(this is what 8" tom is mounted on)
Six Sonor or comparative boom cymbal stands with functional felts and rubber/plastic sleeves
HEADS Must be Remo (NEW) Clear Ambassadors
Please Note: Bass drum must have Remo Clear Ambassadors front and back NO HOLE IN RESONANT (FRONT) HEAD.
The felt strips that come with Sonor Bass Drums WILL BE THE DAMPENING, NO HOLES CUT IN RESONANT HEAD.
HEADS for SNARE DRUMS must be Remo (white coated Ambassadors) Top or Batter
On venues with wooden floor stages, a DRUM CARPET must be provided
Suggested size: 8x8. *Not a blanket, but a carpet large enough to accommodate the drum set. Steve does not use a drum riser as per stage plot.
Most of the time when I get to the gig, the drums are not right or there is some problem with them. If it’s a jazz festival, many times the promoter has rented one or two kits for all of the drummers to use. This is difficult because I usually don’t have much time to really personalize the drum set to my specs. In all these situations I have to remain flexible to keep from going nuts and getting off of the focus of just playing some music.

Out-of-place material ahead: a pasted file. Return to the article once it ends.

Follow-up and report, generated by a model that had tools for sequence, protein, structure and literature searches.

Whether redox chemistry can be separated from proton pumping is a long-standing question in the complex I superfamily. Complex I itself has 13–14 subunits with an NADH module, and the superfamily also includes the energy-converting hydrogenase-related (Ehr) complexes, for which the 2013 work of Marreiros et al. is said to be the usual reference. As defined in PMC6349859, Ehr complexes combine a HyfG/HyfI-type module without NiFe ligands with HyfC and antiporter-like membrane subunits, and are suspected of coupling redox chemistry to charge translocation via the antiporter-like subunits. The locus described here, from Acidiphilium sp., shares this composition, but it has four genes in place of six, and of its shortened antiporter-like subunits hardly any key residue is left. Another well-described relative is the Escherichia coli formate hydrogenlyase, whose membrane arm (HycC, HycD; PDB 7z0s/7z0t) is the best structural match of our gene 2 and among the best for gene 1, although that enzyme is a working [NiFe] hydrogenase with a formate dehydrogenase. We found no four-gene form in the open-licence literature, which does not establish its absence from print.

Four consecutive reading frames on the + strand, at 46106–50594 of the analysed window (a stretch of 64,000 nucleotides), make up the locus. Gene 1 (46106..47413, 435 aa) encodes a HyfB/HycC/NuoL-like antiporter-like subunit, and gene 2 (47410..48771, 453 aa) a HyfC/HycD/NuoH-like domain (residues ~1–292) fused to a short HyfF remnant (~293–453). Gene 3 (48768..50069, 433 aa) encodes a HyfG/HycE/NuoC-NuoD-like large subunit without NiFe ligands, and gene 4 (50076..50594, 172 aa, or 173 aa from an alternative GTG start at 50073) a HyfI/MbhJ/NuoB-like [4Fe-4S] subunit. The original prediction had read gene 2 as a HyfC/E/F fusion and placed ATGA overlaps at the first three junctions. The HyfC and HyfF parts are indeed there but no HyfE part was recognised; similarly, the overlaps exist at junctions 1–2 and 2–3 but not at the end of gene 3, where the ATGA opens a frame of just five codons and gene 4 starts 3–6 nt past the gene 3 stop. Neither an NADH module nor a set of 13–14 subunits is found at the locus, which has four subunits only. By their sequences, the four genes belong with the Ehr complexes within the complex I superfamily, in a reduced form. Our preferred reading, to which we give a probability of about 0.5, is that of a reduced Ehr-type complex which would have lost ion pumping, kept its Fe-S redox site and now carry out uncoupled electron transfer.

Most of the time the drums are workable and I'll be able to get by. There have been times when the drums are so bad there isn’t much I can do to fix them. Like in Ankara, Turkey, the last time I was there a couple of years ago, they forgot to bring the cymbal stands and a tom mount for the one rack tom. We waited until someone from the audience went home to bring back a couple of old and rusted cymbals stand (with no felts or plastic sleeves, of course) and a snare stand for the mounted tom. In those situations I just have to get thru the gig the best I can and hope that it doesn’t happen again, though it usually does.

Even though I always ask for new heads, it rarely happens. The drums usually show up with heads that are thoroughly trashed. Because of this I’ve learned to carry one set of new heads in my cymbal bag. If you stack the heads inside each other they don’t take up too much space and fit easily in the cymbal bag. If the heads on the rental drums are in bad shape or if they are a type of head I don’t like, I put on my heads and then take them off and pack them up again after the gig. Having good heads makes all the difference as far as a kit sounding good or not. I use clear Remo Ambassador heads and even if the drums are some unknown brand and beat up, I can usually get them to sound good with the new heads.